It’s about a heartbeat
July 4, 2016, should have been the start of a fun and relaxing vacation up north for Mark and Connie Hansen of Chesterfield, Michigan.
They had arrived at Sauble Resort in Ludington, Michigan, a day earlier. The quaint resort in this Lake Michigan beach town overlooks Hamlin Lake and has been an annual destination for the family since 1979.
The forecast for the day called for sunny skies and temperatures in the mid 70s—perfect conditions for a day of fishing followed by oohs and aahs at the firework display over Lake Michigan.
Their Independence Day plans changed drastically at about 8 a.m., when Connie awoke to strange breathing noises coming from Mark.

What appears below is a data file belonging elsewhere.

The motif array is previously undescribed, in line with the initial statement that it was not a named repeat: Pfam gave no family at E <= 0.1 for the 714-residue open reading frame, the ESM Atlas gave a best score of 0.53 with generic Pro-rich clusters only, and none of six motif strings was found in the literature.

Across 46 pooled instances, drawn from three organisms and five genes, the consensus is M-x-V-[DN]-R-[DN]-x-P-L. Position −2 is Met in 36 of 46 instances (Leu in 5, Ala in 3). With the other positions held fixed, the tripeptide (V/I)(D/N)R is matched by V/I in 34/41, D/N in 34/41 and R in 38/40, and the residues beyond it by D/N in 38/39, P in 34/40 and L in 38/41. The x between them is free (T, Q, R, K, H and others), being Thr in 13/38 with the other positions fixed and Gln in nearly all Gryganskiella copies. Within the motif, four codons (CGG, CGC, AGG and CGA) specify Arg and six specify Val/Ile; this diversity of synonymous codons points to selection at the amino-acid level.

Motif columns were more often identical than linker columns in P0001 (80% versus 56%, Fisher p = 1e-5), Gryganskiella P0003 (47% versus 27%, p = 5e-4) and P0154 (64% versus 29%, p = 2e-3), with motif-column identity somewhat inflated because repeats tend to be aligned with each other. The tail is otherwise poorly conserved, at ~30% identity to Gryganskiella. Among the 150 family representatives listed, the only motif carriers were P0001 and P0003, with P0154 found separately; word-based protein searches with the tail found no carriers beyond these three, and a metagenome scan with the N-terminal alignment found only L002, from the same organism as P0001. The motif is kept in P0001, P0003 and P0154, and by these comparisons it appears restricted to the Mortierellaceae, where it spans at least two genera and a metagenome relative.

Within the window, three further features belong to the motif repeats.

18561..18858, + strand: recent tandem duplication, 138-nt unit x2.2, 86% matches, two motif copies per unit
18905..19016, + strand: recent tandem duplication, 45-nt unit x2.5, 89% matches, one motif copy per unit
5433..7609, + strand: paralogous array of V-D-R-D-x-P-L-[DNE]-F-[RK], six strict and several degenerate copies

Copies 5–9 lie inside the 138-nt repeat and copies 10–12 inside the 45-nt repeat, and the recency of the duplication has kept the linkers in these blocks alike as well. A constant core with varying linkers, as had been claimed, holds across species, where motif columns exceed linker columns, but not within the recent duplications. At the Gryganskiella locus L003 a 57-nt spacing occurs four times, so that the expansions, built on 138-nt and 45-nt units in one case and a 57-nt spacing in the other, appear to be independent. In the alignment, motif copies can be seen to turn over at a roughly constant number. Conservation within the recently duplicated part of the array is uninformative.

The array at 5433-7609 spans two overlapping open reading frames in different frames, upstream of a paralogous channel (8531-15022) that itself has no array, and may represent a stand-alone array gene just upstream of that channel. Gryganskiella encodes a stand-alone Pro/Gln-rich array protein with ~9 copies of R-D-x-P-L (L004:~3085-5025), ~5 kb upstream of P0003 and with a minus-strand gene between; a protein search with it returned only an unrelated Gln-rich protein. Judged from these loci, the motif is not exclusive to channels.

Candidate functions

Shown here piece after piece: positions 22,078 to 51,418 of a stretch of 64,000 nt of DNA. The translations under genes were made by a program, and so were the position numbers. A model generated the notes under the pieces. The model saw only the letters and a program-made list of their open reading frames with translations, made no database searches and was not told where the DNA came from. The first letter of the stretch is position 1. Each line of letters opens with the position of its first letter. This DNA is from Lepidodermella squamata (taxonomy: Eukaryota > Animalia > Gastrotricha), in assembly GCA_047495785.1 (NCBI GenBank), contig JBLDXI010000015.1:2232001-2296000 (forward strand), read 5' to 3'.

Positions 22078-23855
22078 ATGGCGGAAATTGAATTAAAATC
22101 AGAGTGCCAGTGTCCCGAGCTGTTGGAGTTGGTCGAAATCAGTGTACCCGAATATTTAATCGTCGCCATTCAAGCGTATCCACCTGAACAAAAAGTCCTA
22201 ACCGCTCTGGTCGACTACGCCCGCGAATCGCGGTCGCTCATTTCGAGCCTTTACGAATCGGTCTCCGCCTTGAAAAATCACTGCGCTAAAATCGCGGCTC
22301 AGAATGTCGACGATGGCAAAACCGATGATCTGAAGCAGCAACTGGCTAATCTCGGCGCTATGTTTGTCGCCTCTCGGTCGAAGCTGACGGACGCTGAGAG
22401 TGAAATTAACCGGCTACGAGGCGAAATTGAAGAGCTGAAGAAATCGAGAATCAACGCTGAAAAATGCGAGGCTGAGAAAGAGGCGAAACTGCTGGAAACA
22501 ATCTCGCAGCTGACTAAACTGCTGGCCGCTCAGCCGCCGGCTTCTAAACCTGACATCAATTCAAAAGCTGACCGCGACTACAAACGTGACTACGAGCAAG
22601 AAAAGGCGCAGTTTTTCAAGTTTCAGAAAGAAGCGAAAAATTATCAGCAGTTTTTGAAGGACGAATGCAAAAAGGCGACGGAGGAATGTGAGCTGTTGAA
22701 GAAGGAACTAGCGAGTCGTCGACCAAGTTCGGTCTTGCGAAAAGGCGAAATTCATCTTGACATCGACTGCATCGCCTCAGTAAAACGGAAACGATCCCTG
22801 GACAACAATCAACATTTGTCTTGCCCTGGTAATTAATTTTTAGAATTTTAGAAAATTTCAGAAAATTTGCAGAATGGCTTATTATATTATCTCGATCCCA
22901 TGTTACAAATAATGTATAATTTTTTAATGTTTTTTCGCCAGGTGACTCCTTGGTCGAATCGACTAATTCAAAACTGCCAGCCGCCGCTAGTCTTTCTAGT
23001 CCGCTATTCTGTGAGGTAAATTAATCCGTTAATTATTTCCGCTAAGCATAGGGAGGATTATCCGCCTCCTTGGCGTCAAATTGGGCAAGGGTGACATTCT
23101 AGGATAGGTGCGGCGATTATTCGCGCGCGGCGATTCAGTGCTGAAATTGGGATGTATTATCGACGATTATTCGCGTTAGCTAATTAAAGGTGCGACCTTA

“He was breathing in a weird way,” Connie said. “I tried to wake him up, but he didn’t respond. His eyes were open, his body was stiff, his tongue was sticking out and he was making a weird sound. I thought he was having a seizure.”
But Mark was not having a seizure.
The 52-year-old had suffered a sudden cardiac arrest and the noise Connie heard was agonal breathing, a desperate gasping for air triggered when the heart stops circulating oxygenated blood.
Mark’s heart had completely stopped beating.
Unable to get him to respond, Connie ran to a nearby cottage where friends were staying.
“Something’s wrong with Mark,” she frantically told them. “You need to call 911.”
They raced back to Mark’s cottage and found him on the ground, face down. He had fallen out of the bed. He also sustained a blow to his head in the fall.